Gulf coast marshes are disappearing...
cattail marsh at j.d. Murphree wma
Ph.D. Research: Coastal marsh loss is a growing issue along the Gulf Coast as rising sea levels and climate change further endanger wetlands that have long been negatively affected by human industry and leveeing of the Mississippi River. Managed marshes are particularly vulnerable as management practices designed to provide habitat for waterfowl have led to significant decreases in elevation and resilience to rising sea levels. However, we don't fully understand how management practices influence the processes that drive marsh surface elevation. My dissertation research (with Drs. Sammy King and Andy Nyman) is focused on understanding how these processes are influenced by plant community and management practices. Specifically, we are looking at surface elevation change, accretion, belowground productivity, nutrient cycling, and root/rhizome decomposition for three perennial plant communities. By developing a better understanding of the how plant community and management technique influence elevation, we hope to inform management decisions that allow managers to provide habitat for waterfowl while increasing marsh elevation and sustainability in the face of sea level rise.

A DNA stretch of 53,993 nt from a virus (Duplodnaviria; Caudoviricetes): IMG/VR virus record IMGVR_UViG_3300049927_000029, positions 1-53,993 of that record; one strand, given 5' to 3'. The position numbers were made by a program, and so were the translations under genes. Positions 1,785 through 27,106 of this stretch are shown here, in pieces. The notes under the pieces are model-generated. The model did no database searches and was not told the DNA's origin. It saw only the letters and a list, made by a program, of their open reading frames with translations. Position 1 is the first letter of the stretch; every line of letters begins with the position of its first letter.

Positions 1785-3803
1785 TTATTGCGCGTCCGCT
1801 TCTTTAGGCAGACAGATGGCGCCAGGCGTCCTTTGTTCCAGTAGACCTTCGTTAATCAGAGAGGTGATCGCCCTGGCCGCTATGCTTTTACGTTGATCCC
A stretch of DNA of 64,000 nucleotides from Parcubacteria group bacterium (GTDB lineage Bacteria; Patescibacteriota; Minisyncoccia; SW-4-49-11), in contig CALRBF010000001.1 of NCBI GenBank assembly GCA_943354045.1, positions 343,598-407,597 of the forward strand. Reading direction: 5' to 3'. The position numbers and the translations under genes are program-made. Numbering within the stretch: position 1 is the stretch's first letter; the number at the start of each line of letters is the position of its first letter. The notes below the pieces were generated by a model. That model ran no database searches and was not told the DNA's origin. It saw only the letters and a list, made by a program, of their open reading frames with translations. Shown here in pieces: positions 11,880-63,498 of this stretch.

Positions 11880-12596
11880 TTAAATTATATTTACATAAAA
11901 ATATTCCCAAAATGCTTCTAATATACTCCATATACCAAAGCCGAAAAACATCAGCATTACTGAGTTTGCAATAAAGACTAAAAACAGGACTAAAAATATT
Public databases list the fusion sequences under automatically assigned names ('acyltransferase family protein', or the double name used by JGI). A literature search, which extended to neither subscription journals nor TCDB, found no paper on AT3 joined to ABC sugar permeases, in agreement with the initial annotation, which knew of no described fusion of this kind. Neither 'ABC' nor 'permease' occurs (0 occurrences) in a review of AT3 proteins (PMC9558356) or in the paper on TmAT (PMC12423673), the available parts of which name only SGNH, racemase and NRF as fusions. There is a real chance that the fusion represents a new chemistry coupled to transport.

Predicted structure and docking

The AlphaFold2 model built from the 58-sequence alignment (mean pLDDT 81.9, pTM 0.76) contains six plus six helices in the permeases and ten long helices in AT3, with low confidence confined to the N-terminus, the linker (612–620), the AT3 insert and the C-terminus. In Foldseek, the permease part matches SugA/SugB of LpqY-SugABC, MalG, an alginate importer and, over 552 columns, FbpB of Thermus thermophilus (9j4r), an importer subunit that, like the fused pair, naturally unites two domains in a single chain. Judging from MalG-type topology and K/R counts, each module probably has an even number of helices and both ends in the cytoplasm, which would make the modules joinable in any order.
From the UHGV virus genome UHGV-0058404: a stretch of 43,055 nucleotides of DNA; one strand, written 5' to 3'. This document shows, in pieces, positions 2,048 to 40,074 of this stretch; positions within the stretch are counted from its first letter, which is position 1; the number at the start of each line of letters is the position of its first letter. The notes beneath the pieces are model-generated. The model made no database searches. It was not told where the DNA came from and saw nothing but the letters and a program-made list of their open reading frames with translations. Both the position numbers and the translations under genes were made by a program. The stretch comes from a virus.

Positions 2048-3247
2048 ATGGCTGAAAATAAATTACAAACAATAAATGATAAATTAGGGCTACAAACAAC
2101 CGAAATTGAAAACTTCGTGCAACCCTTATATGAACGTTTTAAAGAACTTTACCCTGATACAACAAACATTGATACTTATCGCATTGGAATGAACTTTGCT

Master's Research: While at Nicholls State University, I studied the influence of polybrominated diphenyl ethers (PBDEs) on molting in crustaceans. These PBDEs are commonly used flame retardants that disrupt endocrine system signalling in mammals and birds, but little research has focused on their effects in crustaceans despite the prevalence of these chemicals in aquatic systems. Any changes in the ability of crustaceans to molt could influence growth rates, reproduction, and population numbers. Our study specifically looked at the how PBDEs 28 and 47 affect molting hormone signalling in the blue crab, Callinectes sapidus. We developed an in vitro tissue culture technique called the Epidermis-with-Exoskeleton (EWE) method that allowed us to evaluate gene expression in live epidermal cells to illuminate a mechanism for molt disruption in the blue crab. You can read more about my blue crab research here.